JH: We build for the world market. We export cars to 130 different countries, so we’re looking at the world market and what the demand is for our cars worldwide. And clearly, we see a demand for electric vehicles in specific markets in specific areas. I don’t think anybody has a crystal ball to say what the demand is going to look like in two years, five years, or even 10 years. But clearly, there is a market there, and we’re just trying to make sure that we serve that need.

Q: One thing drivers always want is improved gas mileage but they also want the large SUVs. How does your company balance those demands?

JH: If you look at when our new SUVs comes out next year and the following years, you’re going to see a significant improvement in fuel economy in those SUVs. … At the same time, the introduction of hybrids and electrical SUVS is going further to allow people to have a much higher fuel economy or lower emission standards but still not give up the luxuries, the things that they want in a full-sized SUV.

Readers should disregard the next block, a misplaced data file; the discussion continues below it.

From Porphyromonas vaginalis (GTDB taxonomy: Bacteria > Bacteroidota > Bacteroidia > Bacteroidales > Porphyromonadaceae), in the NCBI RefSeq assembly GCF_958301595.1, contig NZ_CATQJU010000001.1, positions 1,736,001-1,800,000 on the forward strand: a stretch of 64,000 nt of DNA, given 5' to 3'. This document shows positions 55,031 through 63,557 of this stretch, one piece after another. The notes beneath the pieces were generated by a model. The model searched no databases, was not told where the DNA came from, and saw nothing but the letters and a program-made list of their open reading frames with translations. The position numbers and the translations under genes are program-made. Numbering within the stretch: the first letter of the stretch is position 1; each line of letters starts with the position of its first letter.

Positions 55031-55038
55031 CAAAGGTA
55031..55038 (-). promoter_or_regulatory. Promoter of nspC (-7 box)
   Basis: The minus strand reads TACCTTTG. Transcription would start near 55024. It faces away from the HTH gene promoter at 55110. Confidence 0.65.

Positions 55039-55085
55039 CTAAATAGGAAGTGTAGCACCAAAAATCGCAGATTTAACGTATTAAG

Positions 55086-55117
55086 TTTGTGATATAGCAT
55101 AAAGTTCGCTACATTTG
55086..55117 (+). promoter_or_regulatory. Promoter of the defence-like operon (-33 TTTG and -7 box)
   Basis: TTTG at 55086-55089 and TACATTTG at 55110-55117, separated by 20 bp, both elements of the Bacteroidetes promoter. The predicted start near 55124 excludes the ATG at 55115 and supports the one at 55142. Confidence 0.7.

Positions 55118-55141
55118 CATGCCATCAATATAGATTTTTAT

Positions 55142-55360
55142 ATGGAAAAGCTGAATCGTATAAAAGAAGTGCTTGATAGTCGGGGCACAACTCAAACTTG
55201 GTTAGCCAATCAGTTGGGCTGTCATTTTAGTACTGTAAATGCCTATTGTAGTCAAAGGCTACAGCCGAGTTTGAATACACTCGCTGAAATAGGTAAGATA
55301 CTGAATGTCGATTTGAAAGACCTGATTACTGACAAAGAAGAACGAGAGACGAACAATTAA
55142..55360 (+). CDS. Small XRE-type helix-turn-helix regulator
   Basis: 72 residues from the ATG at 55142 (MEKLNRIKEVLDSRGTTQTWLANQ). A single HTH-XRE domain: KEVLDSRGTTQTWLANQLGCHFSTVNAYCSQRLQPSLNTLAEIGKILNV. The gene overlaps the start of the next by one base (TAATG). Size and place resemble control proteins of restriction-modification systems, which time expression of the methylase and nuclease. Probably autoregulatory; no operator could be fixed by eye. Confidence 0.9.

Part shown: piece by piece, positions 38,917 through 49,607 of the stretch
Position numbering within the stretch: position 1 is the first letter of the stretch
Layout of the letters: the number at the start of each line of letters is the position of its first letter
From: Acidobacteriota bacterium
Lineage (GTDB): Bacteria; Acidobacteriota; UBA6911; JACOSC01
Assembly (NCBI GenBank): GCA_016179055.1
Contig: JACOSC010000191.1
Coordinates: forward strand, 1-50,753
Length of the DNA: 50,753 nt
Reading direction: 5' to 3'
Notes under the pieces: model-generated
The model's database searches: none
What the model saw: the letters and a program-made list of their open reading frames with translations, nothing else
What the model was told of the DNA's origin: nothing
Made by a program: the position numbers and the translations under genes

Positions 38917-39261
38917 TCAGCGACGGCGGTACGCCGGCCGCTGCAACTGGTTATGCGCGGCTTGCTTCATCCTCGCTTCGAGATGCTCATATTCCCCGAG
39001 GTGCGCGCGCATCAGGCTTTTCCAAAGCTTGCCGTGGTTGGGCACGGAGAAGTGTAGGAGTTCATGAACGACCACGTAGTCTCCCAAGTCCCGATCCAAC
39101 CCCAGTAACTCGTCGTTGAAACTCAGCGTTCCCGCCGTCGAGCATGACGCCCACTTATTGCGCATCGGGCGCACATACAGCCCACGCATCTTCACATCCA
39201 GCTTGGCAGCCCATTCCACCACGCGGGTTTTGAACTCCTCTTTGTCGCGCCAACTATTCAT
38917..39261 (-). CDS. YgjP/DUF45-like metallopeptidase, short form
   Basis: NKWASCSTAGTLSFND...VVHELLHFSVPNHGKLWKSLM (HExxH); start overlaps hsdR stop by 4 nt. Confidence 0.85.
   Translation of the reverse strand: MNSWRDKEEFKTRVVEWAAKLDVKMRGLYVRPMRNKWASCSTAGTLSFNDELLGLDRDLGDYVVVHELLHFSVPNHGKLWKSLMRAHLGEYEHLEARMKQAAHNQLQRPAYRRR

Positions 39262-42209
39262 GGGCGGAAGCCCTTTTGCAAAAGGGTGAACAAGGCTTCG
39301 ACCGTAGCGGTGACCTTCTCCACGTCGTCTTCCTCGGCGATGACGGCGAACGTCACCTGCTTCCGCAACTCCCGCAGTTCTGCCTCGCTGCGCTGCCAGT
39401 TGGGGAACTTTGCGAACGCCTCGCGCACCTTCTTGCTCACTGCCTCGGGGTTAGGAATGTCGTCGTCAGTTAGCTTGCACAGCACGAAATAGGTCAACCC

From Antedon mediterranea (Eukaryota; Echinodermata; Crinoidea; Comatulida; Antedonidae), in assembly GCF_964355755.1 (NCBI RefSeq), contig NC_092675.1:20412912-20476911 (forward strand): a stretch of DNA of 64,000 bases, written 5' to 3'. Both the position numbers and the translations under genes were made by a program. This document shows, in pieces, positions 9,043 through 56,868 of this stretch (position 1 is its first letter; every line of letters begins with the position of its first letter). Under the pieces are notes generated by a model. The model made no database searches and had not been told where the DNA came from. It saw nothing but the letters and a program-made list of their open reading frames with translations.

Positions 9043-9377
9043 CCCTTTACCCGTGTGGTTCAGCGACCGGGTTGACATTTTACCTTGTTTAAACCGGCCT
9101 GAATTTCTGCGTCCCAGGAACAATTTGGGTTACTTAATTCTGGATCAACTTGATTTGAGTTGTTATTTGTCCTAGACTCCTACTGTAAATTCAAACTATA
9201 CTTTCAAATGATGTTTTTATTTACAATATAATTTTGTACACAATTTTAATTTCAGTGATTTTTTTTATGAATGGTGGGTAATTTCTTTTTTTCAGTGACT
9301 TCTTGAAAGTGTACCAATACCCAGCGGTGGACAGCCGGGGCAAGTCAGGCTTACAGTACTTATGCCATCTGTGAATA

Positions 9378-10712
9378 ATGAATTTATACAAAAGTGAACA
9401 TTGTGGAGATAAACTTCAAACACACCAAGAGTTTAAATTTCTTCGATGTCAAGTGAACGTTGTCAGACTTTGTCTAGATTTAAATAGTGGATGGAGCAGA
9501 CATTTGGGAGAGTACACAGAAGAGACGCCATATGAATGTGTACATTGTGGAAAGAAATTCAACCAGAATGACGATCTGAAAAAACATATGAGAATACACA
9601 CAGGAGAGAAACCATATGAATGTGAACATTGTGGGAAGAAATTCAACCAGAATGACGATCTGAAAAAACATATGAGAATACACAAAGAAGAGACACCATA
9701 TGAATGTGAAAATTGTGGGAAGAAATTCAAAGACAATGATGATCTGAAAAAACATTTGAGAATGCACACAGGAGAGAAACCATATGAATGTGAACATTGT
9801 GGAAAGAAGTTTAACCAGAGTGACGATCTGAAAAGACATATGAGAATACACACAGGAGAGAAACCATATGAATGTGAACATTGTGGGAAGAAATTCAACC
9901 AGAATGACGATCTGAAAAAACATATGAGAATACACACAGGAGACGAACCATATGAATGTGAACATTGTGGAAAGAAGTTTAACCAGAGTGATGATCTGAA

Q: How important is workforce development to MBUSI?

JH: It’s been a key initiative for us for the last few years in the automotive industry, not only in and around our plants but throughout the state, and, frankly throughout the Southeast. It [the workforce] doesn’t just come out of the existing population, so we need to continue to develop those people, and that’s where workforce development comes in, going out into the schools, whether it be the K-12 system, into the community colleges and even to an extent the universities and making sure that we’re offering the right courses, the right programs to develop the skills needed for the automotive industry, but also to develop the right interest in the automotive industry.

Q: Tell us about your apprenticeship programs.